• Hrant H. PapazianHrant H. Papazian Posts: 1,620
    Piotr Grochowski said:
    At some point the rounding errors could go wrong.
    Interesting point. I do have to wonder: since the rounding should be less than 1/2000 (½ of 1 em unit) per character, how long would a line have to be to actually break differently?
  • Hrant H. PapazianHrant H. Papazian Posts: 1,620
    Sander said:
    Are there publications about the italicisation of typographic characters?
    Whatever you find is likely to be along the official-party-lines of Italics being more calligraphic than the Roman, which means greater deviation in width, going against your ambitions. You might instead look at actual successful slanted-Roman designs (even if people tell you that's an oxymoron :-) including these two recent ones:
    — https://typographica.org/typeface-reviews/berthe/
    — https://typographica.org/typeface-reviews/empirica/
  • SanderSander Posts: 11
    @Craig Eliason Even if the eyes are the guide, there are two ways to adjust the italic. One way is to adjust the character shape and then adjust the character width. The second option is to adjust the character shape within the restrictions of the predefined character width. Perhaps the result of the second approach is not an italic that looks perfectly as what we are used at, but that doesn't mean that it is wrong. 
    @Hrant H. Papazian Thanks for these two links. In particular, Empirica looks interesting related to my project.
  • John HudsonJohn Hudson Posts: 1,851
    edited June 6
    Hrant:
    Yes, be flexible in annulling the Aldine shotgun-wedding with an arbitrarily chirographic subordinate style.
    To be fair to Aldus, his use of italic type was not as a subordinate style; it was just the normal text style of the kind of small format book that he was producing. He very seldom used roman and italic together, and always as complimentary styles, to mark distinction between different kinds of text, neither subordinate to the other.

    The use of italic embedded within roman text is a convention that evolves gradually, but I've not seen any evidence that the editors, printers, and publishers who did this thought this implied italic was a subordinate style to roman. I think that is a much more recent perception, and has to do with the creation and marketing of coordinated typeface families under a single name and, much more recently, the linking of these families in functionally stylistic sets in which the roman is considered ‘regular’.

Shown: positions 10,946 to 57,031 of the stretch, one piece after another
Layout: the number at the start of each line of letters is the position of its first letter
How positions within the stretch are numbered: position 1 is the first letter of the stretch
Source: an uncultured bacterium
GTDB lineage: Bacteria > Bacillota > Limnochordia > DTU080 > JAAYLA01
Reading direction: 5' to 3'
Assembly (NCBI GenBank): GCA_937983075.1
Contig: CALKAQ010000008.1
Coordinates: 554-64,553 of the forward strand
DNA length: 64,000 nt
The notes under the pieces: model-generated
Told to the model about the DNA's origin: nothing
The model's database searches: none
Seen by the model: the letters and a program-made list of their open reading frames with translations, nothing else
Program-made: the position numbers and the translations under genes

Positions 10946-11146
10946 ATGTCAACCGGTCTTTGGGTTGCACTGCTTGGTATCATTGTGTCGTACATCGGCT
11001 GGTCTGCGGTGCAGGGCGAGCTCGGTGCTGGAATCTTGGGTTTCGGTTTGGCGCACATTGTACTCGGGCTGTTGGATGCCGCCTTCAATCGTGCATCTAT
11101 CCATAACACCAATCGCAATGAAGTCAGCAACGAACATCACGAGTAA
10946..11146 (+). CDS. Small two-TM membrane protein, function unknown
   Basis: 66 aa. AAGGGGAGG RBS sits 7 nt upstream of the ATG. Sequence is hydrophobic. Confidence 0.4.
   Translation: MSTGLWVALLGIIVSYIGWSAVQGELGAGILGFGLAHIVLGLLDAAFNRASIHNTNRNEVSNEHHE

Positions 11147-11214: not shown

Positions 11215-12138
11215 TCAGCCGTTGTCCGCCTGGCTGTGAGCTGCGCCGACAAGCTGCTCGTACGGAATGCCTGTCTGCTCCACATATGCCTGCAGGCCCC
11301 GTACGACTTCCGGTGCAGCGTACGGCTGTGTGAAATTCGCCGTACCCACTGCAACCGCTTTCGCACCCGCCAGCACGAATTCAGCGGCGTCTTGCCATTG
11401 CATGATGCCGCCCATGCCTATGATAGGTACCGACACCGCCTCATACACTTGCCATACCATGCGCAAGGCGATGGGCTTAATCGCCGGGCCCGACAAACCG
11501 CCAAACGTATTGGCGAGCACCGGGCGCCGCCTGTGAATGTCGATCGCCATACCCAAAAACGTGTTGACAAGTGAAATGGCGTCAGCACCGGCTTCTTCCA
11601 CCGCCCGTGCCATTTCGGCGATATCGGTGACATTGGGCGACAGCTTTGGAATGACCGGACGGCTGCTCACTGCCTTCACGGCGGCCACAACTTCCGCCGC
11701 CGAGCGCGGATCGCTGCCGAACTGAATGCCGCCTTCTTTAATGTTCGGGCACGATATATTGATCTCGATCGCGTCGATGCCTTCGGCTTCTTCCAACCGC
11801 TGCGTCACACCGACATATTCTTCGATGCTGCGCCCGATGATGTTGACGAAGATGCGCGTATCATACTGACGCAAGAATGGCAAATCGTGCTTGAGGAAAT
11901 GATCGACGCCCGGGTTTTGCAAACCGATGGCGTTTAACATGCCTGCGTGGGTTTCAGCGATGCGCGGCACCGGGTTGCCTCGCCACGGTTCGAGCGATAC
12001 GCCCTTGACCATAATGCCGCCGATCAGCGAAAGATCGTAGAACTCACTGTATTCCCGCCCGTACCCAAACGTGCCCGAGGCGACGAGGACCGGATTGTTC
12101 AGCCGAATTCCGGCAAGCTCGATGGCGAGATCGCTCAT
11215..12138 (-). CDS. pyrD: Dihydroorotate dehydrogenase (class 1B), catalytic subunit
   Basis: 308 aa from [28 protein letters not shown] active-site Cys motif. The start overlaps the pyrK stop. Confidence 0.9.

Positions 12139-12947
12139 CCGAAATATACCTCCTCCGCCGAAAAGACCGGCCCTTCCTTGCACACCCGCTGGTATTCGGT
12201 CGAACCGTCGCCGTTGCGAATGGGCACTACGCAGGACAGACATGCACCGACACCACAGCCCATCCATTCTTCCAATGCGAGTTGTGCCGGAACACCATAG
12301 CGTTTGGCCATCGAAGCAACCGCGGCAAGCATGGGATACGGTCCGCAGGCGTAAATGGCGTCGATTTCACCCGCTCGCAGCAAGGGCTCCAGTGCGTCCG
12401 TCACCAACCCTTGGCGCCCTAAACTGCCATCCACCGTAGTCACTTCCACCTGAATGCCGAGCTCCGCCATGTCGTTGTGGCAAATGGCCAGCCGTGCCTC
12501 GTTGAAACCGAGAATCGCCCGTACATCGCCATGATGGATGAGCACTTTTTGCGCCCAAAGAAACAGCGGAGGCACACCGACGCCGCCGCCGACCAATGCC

_____

    Craig:
    I can see why a bilingual publication might want blocks of italics to appear equally spaced, but I think you'll find that that effect is best achieved by varying widths. 
    It is precisely for the case of bilingual texts that I favour a fairly wide italic, so that both styles have a similar visual presence. As a case in point, the Brill italic actually sets slightly longer than the roman.
    This is what I mean by being flexible. Fitting different letterforms to the same widths is an artificial constraint that necessitates compromising the shapes; the Linotype Sabon italic o is a good example of such compromise. Unless there's a specific technical need to match the widths, e.g. for Linotype machine composition using duplexed matrices, why impose such a constraint?
  • Craig EliasonCraig Eliason Posts: 986
    Sander said:
    @Craig Eliason Even if the eyes are the guide, there are two ways to adjust the italic. One way is to adjust the character shape and then adjust the character width. The second option is to adjust the character shape within the restrictions of the predefined character width. Perhaps the result of the second approach is not an italic that looks perfectly as what we are used at, but that doesn't mean that it is wrong. 
    If your adjustments make the the letter worse for no good reason, that is wrong in my book. 


    For a parallel, look at the /a of Arial. Next to its neighboring letters in the word above, it looks stretched wide. It's a pretty ugly letter to my eyes, certainly more disharmonious than the /a of Helvetica above. Now Arial was designed with predetermined advance widths--they were taken from Helvetica so that the font could be subbed in without changing textflow. But perhaps to avoid looking too copy-cat-like, the Arial designer shortened the little tail at the bottom right. This though meant that to keep the advance width and also not open up too much space on the right, the whole right stem had to come rightward, in other words widening the letterform. As a result Arial's /a fits its advance width and is well spaced, but appears too wide in shape.

    A big part of this is understanding that interior space of letters is a component that needs to be kept in balance too; it's a bad idea to stretch or compress letters with only the interletter space in mind. 

    Again, Arial's /a, like Sabon's italic /o, are reasonable solutions to a design brief that offered no flexibility in advance widths. But it seems pointless to me to adopt that inflexibility for no good reason. 
  • edited June 7
    Again, Arial's /a, like Sabon's italic /o, are reasonable solutions to a design brief that offered no flexibility in advance widths. But it seems pointless to me to adopt that inflexibility for no good reason.

    Agree. For almost every situation, at least. It might be a good exercise though, even if it is only for concluding it was not a good idea in the first place.

    On the other hand, I can certainly see it as an interesting feature when you want to change the style from Regular to Italic (and even Bold!) without any reflowing, just as Asap does. I am guessing this would be valuable if you are in a hurry.

  • John SavardJohn Savard Posts: 590
    In the early days of Roman and Italic typefaces, Italic was much narrower than Roman. So making each Italic letter exactly as wide as the corresponding Roman letter will mean that if you were trying to do a Baskerville, a Caslon, a Garamond, or anything earlier from the Aldine or Jenson eras, your typeface would be inauthentic. In the case of the Jenson era, of course, even having an Italic is inauthentic.